In India, the volunteers are involved in cleaning the mountains.

3 Carbon Footprint

It is the indicator that measures the amount of greenhouse gases that we emit when carrying out a certain activity. One of the most harmful gases is CO2. He aviation industry it is responsible for 2% of the CO2 emission generated by the human being. An exorbitant number.

There are governments, such as that of Costa Rica, and companies such as KLM, which are investigating the use of biofuels as an alternative energy source and sustainable. The European Union is also trying to regulate emissions, but the measures will be put in place in a few years.

What can I do?

  • Avoid taking unnecessary flights. Instead of taking internal flights and traversing North and South India in three weeks, focus on one area or get around by bus. Think that it is impossible for you to see everything. Plus, that way you have an excuse to come back. 
  • Offset your emissions. Many airlines give travelers the option of offsetting the CO2 that their flight will emit. For example, at the time of purchase, they give the option of donating an amount of money to environmental projects to "offset" the impact of the flight. 

There are numerous “CO2 calculators" In Internet. With them you can calculate not only the CO2 that you produce with your plane trips: also the one that you emit when you go by car, bus, when you turn on the heating, etc. Once calculated, you can offset your emission by making a donation to a project.

In Bali, we collaborate with an environmental protection project.

4 Poor water management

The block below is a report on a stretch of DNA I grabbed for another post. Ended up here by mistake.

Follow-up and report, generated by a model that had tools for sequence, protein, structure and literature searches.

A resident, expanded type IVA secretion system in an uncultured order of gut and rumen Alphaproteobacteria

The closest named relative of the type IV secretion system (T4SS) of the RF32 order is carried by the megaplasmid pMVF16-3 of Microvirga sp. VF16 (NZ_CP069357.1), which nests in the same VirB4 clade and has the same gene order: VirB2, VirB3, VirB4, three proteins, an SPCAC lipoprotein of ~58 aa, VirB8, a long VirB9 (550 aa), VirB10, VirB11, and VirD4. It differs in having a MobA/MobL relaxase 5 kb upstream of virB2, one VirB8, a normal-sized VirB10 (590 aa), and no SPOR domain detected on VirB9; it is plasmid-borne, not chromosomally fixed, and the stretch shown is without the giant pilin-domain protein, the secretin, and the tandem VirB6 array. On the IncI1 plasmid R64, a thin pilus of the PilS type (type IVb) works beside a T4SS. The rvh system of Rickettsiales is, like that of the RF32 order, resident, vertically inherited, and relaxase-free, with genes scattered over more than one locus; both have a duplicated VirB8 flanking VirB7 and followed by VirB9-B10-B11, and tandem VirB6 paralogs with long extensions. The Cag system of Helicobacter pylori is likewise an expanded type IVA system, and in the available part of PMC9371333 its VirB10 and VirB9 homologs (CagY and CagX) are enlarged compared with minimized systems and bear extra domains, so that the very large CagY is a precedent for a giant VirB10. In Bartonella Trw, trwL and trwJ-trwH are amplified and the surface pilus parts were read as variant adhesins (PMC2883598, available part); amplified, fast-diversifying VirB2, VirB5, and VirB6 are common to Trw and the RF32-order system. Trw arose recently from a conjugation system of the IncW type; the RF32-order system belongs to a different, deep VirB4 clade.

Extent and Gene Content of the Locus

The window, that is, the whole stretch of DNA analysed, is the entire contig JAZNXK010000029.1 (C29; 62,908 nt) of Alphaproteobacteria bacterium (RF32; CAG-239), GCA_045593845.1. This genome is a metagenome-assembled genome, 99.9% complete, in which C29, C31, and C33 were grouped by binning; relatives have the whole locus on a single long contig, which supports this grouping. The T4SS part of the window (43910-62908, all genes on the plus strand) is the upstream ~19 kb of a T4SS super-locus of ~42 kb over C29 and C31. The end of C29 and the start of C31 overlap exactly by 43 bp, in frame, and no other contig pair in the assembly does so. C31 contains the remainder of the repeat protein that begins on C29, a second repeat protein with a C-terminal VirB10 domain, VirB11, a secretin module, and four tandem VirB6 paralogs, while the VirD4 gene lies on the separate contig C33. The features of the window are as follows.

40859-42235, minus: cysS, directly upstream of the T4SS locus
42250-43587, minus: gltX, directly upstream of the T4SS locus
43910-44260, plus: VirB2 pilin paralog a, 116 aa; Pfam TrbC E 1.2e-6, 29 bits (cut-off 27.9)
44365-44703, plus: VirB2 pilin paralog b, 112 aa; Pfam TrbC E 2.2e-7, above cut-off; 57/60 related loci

Resorts, golf courses, swimming pools, large hotels, showers on the beaches... consume an inordinate amount of water. So much, that it begins to link tourism development to drought hazard. Mallorca, for example, is in a pre-drought situation and it is believed that a large part of it is caused by tourism. Because, according to the municipal government, tourists consume more than twice as much water as residents.

What can I do?

  • Even if you are "relaxing", do not lengthen your showers, do not shower several times a day. Consume the necessary minimum of water. 
  • Don't leave the beach showers nor any faucet in operation, if you do not use them. 
  • Neither let your sons or daughters play wasting this resource (turning on the showers, using water guns, etc.). They must understand from a young age that it is a very valuable asset 🙂
  • Don't wash the towels every day, if not necessary. 
  • Choose accommodations that they reuse the water and promise not to waste it.

Machu Picchu has limited the maximum number of daily visits to 6,000.

Year of Sustainable Tourism

Remember that 2017 is the International Year of Sustainable Tourism for Development, so now, more than ever, we must be aware that our actions as travelers are powerful!

Travels. Enjoy. But also: respect. 


  • Wilmary Villarroel
    June 21, 2018

    There is no doubt about the growing awareness that has been taking place in society in terms of ecology in recent years. Respect for the natural environment has already become one of the main concerns of a large number of activity sectors, as in the case of the tourism sector, now highly aware of the importance of caring for resources and habitats after decades of wear and tear in many areas of the planet. Greetings.

    Source: galapagos yacht cruise